Sunday, May 9, 2010

Two Sides of the Same Coin

When it comes to the regulation of ancient coins, there is a debate that has arisen in the United States. This weekend, The Washington Post explained that for generations coin collecting took place without any regulations in place. However, in recent years, the United States began to place restrictions on the import of certain ancient coins in an effort to curb the larger problem of the illegal excavations of archaeological sites and the illicit trade of cultural property. Ancient Cypriot coins and ancient Chinese coins were restricted in 2007 and 2009, respectively, and coin collectors, or numismatists, have expressed concern that Roman coins will be next. Under the regulations, anyone who brings these coins into the United States must have export permits from the Cypriot or Chinese governments or documentation proving that they were excavated before the regulations were put in place or discovered outside of Cyprus and China.

The debate has garnered attention following the seizure of 23 bronze coins at Baltimore-Washington International Marshall Airport last April. The coins have a worth of $275 and were purchased by the Missouri-based Ancient Coin Collectors Guild. In the lawsuit filed this February in Maryland federal court, the collectors of the guild argued that coins were circulated so often during the ancient world that it would be impossible to prove conclusively where they were excavated. In addition, the guild questions how far-reaching the effects of the regulations will be in light of the fact that the restrictions will apply only to American coin collectors.

Wayne G. Sayles, executive director of the guild, acknowledges the importance of laws that safeguard cultural property. However, he argues that coins are in a different category than archaeological artifacts and work of art because of the comparatively lower value. In addition, Sayles explains to the paper that "collectors keep, study and protect coins that museums don't want."

Richard M. Leventhal, an anthropology professor at the University of Pennsylvania, is of a very different opinion. He tells The Washington Post, "Coins are part of the record of our past. To learn about the past and think about our identities and cultural heritage, coins have to be included. Ripping stuff out of the ground destroys our knowledge of who we are and where we came from."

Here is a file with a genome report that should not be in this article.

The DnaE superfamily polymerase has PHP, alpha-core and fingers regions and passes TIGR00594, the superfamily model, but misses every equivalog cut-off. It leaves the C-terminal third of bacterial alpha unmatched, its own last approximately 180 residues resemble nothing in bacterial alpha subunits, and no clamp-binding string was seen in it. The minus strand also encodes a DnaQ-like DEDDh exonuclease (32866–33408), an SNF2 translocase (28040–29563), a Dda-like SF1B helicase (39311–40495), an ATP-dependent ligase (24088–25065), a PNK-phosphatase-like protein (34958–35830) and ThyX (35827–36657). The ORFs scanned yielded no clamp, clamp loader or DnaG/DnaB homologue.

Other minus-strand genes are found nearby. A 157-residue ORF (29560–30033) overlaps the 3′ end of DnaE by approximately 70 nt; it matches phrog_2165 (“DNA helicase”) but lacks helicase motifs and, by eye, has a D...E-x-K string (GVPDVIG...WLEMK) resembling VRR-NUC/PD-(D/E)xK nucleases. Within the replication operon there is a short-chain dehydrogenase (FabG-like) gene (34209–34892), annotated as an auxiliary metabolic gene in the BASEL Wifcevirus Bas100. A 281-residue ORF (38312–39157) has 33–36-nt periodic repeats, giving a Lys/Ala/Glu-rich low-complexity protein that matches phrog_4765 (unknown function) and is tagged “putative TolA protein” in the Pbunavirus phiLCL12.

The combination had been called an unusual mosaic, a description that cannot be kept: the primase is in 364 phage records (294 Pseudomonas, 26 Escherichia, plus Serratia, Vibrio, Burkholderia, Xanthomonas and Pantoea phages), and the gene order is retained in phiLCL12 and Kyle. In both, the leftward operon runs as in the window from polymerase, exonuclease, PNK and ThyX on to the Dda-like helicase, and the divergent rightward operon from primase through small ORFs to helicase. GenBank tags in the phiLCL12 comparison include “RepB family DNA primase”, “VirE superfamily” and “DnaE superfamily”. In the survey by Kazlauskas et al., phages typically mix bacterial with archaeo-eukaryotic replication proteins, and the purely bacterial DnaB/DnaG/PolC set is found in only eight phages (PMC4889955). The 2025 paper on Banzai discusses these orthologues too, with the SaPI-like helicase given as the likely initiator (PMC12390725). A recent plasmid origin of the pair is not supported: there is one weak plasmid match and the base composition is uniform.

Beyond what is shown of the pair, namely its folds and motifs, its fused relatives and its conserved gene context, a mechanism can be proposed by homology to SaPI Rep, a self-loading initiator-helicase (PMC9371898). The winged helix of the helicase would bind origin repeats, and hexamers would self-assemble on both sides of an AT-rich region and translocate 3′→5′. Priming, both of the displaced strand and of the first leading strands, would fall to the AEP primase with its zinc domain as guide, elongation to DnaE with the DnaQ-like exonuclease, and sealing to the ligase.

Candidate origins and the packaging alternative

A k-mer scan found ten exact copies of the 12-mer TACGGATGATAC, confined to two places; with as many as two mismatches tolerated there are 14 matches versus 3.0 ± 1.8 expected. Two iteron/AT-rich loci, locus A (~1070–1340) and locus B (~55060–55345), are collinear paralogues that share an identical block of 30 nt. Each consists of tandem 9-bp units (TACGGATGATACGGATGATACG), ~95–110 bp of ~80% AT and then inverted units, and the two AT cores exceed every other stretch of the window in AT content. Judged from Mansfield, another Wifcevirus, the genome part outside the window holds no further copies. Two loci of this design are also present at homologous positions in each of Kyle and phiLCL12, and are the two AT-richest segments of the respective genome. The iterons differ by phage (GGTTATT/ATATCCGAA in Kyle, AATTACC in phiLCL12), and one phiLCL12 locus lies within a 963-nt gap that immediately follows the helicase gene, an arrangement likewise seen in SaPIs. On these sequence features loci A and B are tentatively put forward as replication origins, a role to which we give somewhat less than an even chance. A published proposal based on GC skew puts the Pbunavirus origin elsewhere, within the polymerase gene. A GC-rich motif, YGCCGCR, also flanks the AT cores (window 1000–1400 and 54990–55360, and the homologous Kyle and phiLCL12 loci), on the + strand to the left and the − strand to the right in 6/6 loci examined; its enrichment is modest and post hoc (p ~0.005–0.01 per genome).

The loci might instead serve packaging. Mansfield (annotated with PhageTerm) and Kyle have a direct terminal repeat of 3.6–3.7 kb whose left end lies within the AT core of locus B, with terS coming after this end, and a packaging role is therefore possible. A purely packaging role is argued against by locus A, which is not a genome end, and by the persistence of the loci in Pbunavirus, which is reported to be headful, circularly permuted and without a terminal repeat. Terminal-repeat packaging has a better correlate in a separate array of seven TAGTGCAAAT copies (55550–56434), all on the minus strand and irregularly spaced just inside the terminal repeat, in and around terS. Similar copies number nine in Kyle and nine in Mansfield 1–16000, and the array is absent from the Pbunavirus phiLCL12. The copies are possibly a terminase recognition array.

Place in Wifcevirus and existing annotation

On May 5, both Sayles and Leventhal were present at a hearing before the State Department's Cultural Property Advisory Committee with regard to an agreement with Italy restricting the import of certain Roman artifacts. Archaeologists want coins added to the list, while collectors like Sayles are lobbying against this addition.

So what side of the coin do you agree with? Should ancient Roman coins, for example, be treated the same as ancient Roman pottery or a statue and protected?


  1. Nice summary Nora,

    I'm certainly not alone in believing that coins are different. The American Numismatic Society, which has very close ties to archaeology, says in the Board approved statement on cultural property posted on their web site: "...within the world of artifacts, coins as a class do, in fact, stand apart."

    The ACCG is sincerely sympathetic to the problems of archaeological site looting, but feels that provenance based regulation of the licit market is unworkable due to the 600 years of accumulated numismatic material already in the market — millions of coins — which for the most part have no recorded provenance.

  2. Thank you very much for posting, Mr. Sayles. It is a fascinating discussion and one that I look forward to learning more about and following.